So we can't really avoid that if IMF support helps to make the crisis less difficult than it would otherwise be, but in particular we want now to make sure that governments are aware of the importance of supporting, keeping in place or building social safety nets to help the very poor. And the rationale is to -- I mean there is of course a human ethical side of that, but there is also a practical side which is about a buy-in and ownership of and therefore the ultimate success of programs.
On a global scale, I would just say that as the Managing Director always makes sure that he mentions in a discussion about the global economy and the financial crisis, that he refers also to the so-called "other crisis", which is the crisis of poverty and where higher food prices have particularly been damaging for poorer countries, notably in Africa but not only in Africa. And that is also an element that we think is very important to pay attention to.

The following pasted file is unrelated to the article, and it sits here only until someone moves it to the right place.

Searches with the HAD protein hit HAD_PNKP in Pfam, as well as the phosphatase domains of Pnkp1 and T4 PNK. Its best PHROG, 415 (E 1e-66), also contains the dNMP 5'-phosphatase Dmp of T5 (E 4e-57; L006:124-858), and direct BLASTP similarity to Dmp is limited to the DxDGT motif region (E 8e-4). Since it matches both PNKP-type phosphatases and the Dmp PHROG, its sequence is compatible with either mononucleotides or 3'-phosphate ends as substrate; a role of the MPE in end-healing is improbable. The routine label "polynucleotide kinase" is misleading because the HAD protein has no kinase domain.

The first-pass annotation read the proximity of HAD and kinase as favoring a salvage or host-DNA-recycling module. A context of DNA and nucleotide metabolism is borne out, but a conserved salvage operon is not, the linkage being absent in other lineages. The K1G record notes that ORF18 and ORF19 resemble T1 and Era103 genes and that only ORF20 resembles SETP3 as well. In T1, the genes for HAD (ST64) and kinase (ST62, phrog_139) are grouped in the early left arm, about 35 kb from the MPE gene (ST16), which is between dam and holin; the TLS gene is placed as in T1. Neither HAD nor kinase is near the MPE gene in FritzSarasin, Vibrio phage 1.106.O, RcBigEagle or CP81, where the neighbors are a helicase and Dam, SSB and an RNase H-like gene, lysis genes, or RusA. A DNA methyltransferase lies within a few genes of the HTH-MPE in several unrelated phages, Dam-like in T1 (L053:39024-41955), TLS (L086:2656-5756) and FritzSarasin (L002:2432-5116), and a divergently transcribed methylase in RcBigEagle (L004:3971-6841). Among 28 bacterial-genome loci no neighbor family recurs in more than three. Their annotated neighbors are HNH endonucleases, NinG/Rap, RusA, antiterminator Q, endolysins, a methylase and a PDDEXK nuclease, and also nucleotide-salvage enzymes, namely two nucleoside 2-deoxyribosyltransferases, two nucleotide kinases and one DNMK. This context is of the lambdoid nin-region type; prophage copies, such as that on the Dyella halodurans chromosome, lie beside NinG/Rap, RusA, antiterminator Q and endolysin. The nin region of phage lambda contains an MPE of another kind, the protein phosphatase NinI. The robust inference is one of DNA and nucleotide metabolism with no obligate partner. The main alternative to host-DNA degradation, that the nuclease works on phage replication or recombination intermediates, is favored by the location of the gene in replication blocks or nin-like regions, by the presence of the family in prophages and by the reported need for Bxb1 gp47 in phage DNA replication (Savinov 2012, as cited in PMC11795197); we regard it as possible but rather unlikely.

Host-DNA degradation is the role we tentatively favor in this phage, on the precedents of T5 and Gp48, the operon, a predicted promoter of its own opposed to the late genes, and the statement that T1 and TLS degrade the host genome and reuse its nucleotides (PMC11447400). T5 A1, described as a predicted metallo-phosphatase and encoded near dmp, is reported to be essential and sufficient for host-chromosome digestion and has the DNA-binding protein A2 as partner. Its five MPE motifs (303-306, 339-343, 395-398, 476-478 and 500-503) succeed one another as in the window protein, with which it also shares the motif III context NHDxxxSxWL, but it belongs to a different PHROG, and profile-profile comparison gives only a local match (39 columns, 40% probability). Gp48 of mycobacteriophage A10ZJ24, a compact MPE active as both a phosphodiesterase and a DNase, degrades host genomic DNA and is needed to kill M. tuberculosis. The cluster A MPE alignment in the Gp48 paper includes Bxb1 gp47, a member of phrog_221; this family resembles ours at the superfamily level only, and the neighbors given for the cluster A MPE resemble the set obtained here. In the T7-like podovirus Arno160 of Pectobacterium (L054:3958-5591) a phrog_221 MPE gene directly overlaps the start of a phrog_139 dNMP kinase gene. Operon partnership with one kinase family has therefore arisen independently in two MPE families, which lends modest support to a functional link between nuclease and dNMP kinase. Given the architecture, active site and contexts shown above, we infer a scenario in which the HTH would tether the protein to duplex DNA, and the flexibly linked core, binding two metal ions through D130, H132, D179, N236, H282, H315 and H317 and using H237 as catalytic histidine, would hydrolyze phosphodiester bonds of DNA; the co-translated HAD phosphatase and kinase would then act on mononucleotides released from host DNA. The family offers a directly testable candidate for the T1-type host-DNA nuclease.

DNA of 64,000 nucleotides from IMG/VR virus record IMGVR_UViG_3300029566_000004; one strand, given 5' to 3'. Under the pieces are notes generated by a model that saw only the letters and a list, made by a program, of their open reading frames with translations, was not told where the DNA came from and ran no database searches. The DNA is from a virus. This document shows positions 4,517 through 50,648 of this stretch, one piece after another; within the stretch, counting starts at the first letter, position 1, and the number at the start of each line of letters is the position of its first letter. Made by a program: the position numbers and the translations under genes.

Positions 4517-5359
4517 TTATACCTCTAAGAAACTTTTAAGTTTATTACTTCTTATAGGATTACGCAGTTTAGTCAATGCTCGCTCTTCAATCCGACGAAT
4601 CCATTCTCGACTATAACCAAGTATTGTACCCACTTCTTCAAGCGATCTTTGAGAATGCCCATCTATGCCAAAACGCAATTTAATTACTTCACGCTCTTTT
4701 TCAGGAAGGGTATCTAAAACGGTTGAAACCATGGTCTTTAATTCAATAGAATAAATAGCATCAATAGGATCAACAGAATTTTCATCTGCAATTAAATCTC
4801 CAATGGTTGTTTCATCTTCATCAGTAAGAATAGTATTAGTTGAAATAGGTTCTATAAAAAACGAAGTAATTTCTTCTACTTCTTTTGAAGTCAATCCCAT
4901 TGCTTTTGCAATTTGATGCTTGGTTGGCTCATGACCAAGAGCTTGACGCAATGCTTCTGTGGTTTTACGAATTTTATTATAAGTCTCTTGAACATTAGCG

I've got one question from the Media Briefing Center:
"Has the Fund had any contact with Argentina such as technical discussions on how to handle the difficult fiscal situation and how to use resources taken from the pensions funds?"
Well, in Argentina as everywhere, we have an ongoing dialogue with the authorities, and you may know that we have a resident representative, a very able economist in Buenos Aires, who is of course in contact with the authorities and others in Argentina all the time. But beyond that, on the specifics of what we discuss, I won't go into that. But we do, of course, have a dialogue. Thank you.